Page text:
PHYS 201 - Resultant and Equilibrant Forces Formal Report

August 27, 2017 | Author: Audrey Cobankiat | Category: Weight, Force, Euclidean Vector, Tension (Physics), Dynamics (Mechanics)
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Member 3 Member 4 Member 5 Member 6 Experiment 2 Resultant and Equilibrant Forces I. Abstract Using a force table, we mounted a ring to serve as the object forces act on. We then attached three strings around the ring and to each end of the strings designated a pulley with corresponding weight holders situated in different directions. We proceeded to balance the weights each weight holder had to obtain equilibrium with the ring stable in the center and thereby obtaining a specific magnitude and direction for each of the three concurrent forces. With all three forces determined, we derived the experimental resultant forces by computing for the negative vector of any one of the three forces given the two other forces. Upon calculating the experimental resultant forces, we were able to solve for their corresponding equilibrant forces by computing for the negative vectors of the said resultant forces. Finally, we came up with the computed resultant forces of the three given concurrent forces by using the component method.

II. Guide Questions 1. Differentiate the resultant and the equilibrant of two forces. 2. If three concurrent forces are in equilibrium, what is the relation between any one of the three forces and the resultant of the other two forces? 3. If two forces with the same magnitude were exactly in the same opposite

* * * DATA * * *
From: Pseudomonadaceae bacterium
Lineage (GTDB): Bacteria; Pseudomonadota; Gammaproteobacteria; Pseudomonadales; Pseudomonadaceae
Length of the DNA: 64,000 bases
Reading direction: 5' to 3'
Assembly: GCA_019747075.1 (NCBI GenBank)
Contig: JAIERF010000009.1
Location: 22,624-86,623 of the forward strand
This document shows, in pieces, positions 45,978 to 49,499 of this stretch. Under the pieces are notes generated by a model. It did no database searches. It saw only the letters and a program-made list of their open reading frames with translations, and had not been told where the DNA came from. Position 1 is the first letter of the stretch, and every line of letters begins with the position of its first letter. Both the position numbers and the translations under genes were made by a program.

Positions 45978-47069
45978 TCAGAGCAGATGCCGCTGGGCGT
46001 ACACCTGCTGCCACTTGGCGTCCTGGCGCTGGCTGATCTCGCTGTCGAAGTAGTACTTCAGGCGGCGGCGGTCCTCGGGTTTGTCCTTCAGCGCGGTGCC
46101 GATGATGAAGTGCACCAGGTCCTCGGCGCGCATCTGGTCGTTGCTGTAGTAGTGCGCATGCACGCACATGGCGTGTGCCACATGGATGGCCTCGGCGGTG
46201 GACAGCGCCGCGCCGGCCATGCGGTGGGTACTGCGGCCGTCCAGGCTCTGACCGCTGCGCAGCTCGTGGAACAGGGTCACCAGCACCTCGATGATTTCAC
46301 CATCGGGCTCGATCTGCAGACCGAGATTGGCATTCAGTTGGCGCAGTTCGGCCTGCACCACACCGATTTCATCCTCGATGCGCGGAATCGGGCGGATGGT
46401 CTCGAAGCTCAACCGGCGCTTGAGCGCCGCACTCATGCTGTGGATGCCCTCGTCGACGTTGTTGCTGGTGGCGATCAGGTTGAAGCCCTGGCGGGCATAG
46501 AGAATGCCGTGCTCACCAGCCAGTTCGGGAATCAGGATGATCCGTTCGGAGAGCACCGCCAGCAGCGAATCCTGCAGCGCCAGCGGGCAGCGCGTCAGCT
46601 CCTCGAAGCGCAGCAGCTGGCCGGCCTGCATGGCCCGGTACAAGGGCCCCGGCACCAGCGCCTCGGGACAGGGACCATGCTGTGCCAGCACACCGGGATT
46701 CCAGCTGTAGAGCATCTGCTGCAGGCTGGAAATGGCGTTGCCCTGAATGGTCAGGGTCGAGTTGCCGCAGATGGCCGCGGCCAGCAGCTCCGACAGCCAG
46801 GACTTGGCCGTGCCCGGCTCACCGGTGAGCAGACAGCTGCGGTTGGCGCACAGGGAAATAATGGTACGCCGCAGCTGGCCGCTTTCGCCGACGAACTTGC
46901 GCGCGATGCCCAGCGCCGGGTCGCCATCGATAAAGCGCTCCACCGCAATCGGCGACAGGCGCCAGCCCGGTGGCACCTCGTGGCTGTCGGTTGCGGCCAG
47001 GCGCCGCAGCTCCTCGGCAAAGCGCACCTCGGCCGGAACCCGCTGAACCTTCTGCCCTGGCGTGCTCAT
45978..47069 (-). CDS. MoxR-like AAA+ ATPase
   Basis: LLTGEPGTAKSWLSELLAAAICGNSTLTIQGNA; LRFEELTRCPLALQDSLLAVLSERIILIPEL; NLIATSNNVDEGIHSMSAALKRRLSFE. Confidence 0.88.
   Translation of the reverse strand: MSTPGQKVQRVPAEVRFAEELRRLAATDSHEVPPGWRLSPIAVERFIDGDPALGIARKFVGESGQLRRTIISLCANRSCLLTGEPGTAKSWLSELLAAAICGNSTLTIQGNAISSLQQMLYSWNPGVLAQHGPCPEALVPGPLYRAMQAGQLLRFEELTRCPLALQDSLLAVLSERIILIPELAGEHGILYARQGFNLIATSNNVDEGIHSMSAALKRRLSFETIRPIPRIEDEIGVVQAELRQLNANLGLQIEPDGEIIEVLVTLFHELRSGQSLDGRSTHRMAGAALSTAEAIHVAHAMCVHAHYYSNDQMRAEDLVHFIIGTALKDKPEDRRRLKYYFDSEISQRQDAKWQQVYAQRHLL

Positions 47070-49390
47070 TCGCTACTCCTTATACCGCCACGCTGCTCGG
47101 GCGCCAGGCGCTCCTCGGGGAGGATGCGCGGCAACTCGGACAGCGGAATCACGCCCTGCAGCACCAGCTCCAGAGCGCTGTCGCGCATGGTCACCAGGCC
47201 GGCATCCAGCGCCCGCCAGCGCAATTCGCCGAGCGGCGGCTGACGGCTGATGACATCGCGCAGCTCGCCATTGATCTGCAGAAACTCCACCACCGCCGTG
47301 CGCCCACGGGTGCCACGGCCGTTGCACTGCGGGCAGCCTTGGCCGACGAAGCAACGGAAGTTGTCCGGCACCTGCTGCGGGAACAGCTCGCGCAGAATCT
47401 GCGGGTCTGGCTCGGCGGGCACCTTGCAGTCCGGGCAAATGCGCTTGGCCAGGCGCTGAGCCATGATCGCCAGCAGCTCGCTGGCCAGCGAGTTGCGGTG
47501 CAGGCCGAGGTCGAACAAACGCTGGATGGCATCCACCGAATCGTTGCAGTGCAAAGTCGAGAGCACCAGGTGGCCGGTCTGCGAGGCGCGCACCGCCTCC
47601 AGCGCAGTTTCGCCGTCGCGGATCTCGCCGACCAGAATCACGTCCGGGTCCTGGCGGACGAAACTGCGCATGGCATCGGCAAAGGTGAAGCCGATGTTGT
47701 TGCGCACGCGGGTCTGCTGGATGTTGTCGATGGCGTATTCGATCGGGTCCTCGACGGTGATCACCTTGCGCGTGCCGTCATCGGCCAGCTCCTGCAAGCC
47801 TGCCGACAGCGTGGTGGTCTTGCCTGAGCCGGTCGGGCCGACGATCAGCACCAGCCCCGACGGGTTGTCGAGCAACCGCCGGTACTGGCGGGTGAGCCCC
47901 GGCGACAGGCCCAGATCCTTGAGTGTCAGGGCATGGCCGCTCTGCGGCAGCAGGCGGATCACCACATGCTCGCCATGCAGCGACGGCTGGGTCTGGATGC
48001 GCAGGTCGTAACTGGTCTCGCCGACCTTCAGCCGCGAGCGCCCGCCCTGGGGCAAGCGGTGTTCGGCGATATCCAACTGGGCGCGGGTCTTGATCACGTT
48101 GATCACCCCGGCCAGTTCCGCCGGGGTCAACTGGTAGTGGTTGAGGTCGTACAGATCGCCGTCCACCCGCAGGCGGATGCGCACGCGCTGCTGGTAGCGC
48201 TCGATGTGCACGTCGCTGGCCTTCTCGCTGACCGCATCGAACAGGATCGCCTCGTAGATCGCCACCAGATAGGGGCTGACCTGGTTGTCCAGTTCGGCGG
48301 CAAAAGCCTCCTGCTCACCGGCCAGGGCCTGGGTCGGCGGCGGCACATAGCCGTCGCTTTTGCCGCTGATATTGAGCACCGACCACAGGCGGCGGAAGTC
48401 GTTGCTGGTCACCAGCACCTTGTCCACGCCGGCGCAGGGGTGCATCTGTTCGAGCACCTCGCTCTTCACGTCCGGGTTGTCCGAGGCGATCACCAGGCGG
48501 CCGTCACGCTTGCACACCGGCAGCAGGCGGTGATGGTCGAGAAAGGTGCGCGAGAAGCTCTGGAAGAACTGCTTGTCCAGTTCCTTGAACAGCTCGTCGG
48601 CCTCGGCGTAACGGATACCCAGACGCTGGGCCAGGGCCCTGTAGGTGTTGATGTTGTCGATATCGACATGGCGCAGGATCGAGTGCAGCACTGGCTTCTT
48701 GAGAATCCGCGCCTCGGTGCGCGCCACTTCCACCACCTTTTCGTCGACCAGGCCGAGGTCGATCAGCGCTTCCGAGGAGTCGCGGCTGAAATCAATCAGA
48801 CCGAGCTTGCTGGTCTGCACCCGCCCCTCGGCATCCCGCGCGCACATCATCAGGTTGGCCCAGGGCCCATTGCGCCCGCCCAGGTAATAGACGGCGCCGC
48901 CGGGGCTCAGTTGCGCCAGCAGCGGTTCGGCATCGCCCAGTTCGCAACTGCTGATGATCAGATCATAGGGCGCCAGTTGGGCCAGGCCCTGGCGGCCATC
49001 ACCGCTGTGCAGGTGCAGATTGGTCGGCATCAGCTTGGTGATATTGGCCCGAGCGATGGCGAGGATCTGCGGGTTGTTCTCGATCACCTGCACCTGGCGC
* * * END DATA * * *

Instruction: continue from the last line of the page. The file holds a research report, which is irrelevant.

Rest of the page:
directions, what is the magnitude and direction of their resultant? What is the magnitude and direction of their equilibrant?

4. Use the component method to find the magnitude and direction of the resultant of the following forces: Given A = 2000 N at 0° B = 1500 N at 60° C = 1000 N at 150° D = 3800 N at 225°

x-component 2000.00000 750.00000 -866.02540 -2687.00577 -803.03117

y-component 0.00000 1299.03811 500.00000 -2687.99577 -887.96766

5. A body weighing 100 N is suspended by a rope. A second rope attached

to the body is drawn aside horizontally until the suspended rope makes an angle of 30° with the vertical. Find the tension in each rope.

III. Answers to Guide Questions 1. A resultant force would cause a stationary object to start moving or an object moving with a given velocity to speed up or slow down or change direction such that the velocity of the object changes. It is usually computed by the component method given two or more known forces. If a resultant force acts on an object then that object can be brought into equilibrium by applying an additional force that exactly balances this resultant. Such a force is called the equilibrant force and is equal in magnitude but opposite in direction to the original resultant force acting on the object. Therefore, the equilibrant force is the negative vector of the resultant force.

2. Any one of the three forces is the negative vector of the resultant of the other two forces meaning they possess the same magnitude but are opposite in direction and vice-versa.

3. If two forces are equal and directly opposite, then they entirely cancel each other out. The result is zero force. In this case, the resultant and equilibrant are both zero. In other words, the resultant and equilibrant are the "zero vector."

4. Resultant force = √(-803.03117)2 + (-887.96766)2 = 1197.22413 N Φ = tan-1 | -887.96766/-803.03117| = 47.9° ~ QIII = 47.9° + 180° = 227.9°

5. Let the tension in the suspended rope be T1 & T2 in the horizontal rope. By balancing the forces in x & y-axis, Given T1 = T1 at 120° T2 = T2 at 0° Weight = 100 N

x-component T1cos120° = -0.5T1 T2cos0° = T2 0

ΣFy = 0 T1sin120° + T2sin0° + -100N = 0 T1sin120° = 100N T1 = 100N sin120° = 115.47005 N

ΣFx=0 T1cos120° - T2cos0° + 0 = 0 T1cos120° = T2cos0° 115.47005cos120° = T2cos0° T2 = 115.47005cos120° cos0° = 57.735025 N

y-component T1sin120° = 0.86603T1 T2sin0° = 0 -100N

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